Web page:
Between these two pillars lies the twentieth century, interrupted somewhere along the line by the Spanish Civil War, which caused a certain break in transmission. Poetry and short stories (Castelao and Dieste at the beginning of the century) were followed by plays and novels – in particular, Álvaro Cunqueiro; check out his Merlin andCompany, translated by Colin Smith.
With the return to democracy in 1975, we see a gradual increase in the number of authors writing in Galician. During the 1990s, when I first got involved, the two leading figures – almost to the exclusion of all others – were Manuel Rivas and Suso de Toro, (though I prefer his younger brother, Xelís de Toro, a performance artist who lives in Brighton; check out his Feral River in John Rutherford’s translation). But that relatively limited field exploded at the turn of the century, and now we have many excellent writers, in particular women: Ledicia Costas (An Animal Called Mist, stories set in and around the Second World War – this author has a penchant for shocking the reader); Marilar Aleixandre (whose Head of Medusa about a school rape mirrors another of her works, Head of Jupiter, which is about cyberbullying); the poets Pilar Pallarés and Olga Novo, both of whom have won the Spanish National Book Award (four of the last eight awards in the categories of fiction and poetry have been won by Galician writers, a remarkable feat); and a personal favourite of mine, Rosa Aneiros (check out her Resistance, a book I admire for its unusual metaphors and because she writes not about Galician or Spanish political history, but about the Estado Novo in neighbouring Portugal). In the field of poetry, an unmissable name is Chus Pato (check out m-Talá in Erín Moure’s translation. Moure has translated six books by Pato in the last fifteen years).
There are also some excellent crime writers. Domingo Villar is perhaps the best known, but see also Without Mercy by Pedro Feijoo (the literary equivalent of going for a joyride), Night of the Crow by Abel Tomé (this author has the ability to create new worlds, and myths and legends to go with them), and the forthcoming Night of the Caiman by Diego Ameixeiras, who wrote this book as a tribute to David Goodis.
Such a brief survey of Galician literature would not be complete without making special mention of Galician young people’s literature, not only because of the exceptional, often poetic and humorous writing, but also the high-quality illustrations. I direct the biggest publisher of Galician literature in English, Small Stations Press. According to Chad W. Post writing for the Three Percent website, we’re also the second-largest publisher in the US of books from Spain between 2008 and 2018, which I think just goes to show the investment in translators and interest generated by translations. (I think this has to do with listening to the voices of others; we’d much rather listen to ourselves.) Small Stations has a collection, Galician Wave, devoted exclusively to Galician young-adult fiction in English, and wherever we can, we include illustrations. One exceptional title is Brother of the Wind by Manuel Lourenzo González, the story of a village boy during the 2003 invasion of Iraq whose family is torn apart by the conflict and who has to undertake a daring mission.
If you’re afraid that the water is cold, like the Atlantic Ocean on Galician beaches, and your idea is to dip in and out very quickly, then the three bestsellers of Galician literature are: Memoirs of a Village Boy by Xosé Neira Vilas, Winter Letters by Agustín Fernández Paz, and The Carpenter’s Pencil by Manuel Rivas. You could do much worse than to read these three.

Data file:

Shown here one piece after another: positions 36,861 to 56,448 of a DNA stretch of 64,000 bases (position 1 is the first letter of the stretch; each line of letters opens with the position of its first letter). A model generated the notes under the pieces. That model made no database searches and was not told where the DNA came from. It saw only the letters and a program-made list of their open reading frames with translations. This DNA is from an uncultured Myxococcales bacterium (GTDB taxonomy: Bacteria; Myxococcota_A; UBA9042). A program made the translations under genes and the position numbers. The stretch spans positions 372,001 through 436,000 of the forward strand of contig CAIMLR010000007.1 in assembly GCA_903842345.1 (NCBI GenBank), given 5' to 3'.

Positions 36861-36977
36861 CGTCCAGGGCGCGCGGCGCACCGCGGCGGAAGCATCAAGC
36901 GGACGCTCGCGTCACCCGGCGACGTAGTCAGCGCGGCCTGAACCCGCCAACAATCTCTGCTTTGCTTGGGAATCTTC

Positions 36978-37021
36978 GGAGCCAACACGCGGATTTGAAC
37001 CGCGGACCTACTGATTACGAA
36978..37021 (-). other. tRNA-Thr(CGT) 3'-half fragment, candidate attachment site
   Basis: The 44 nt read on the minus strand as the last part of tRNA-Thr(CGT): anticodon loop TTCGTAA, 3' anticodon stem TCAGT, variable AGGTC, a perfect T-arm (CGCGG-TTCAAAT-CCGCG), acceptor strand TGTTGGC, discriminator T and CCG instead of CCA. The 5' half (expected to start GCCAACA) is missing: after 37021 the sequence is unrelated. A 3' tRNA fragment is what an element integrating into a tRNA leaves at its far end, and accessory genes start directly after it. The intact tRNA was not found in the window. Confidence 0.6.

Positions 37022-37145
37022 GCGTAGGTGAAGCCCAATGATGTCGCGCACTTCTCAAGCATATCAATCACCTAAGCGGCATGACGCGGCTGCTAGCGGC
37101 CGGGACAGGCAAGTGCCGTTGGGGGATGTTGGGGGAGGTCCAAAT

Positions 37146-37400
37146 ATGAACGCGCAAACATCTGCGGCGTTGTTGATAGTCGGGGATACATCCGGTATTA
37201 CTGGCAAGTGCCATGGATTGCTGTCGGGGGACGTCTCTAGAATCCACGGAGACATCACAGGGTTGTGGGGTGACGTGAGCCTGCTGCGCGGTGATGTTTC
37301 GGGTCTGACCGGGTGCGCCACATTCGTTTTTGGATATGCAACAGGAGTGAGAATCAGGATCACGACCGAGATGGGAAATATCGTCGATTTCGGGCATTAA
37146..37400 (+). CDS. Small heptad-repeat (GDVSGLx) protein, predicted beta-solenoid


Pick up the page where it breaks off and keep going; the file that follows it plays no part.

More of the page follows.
Given that Small Stations has published half of all Galician books in English, our website is a good place to start (www.smallstations.com). Check out also the Portico of Galician Literature (www.galicianliterature.gal), which offers synopses and sample translations of contemporary Galician works. New projects include a series of online texts under the guidance of Kathleen March, Seara, to be housed by the Council for Galician Culture (www.consellodacultura.gal), an organisation that could do more to support translation, and Galician Reader (www.galicianreader.com), where you can read the opening chapters of works in both Galician and English.
It is ironic that I studied Classics at Oxford, Spanish in Galicia, Galician in Barcelona, and now I translate and publish Galician literature from Sofia, Bulgaria. I like the tension, yes. Bulgaria has been a revelation. But the fact is I could never hope to live from literary translation in the UK, and this is a sad reflection on the low importance we accord cultures other than our own, which only leads to misunderstanding and, in the final instance, war. There has been a tendency in the last thirty years to reduce literary translation to an academic subject (thereby making more money), when it is not that, it is, rather, a spiritual exercise. It is, in fact, a metaphor for our role as human beings, for what is there in this life that begins or ends with us? Air, food, conversations we take part in, the life we give our children – they all pass through us. Nothing begins or ends with us, which (like it or not) makes us translators. We take what is there and transform it, hopefully for the better. And just as the translator gives meaning by translating a text into a language the other can understand, so they themselves derive meaning from the experience. Meaning is a two-way process. It is what makes life worth living, but, like having children, you can’t do it on your own.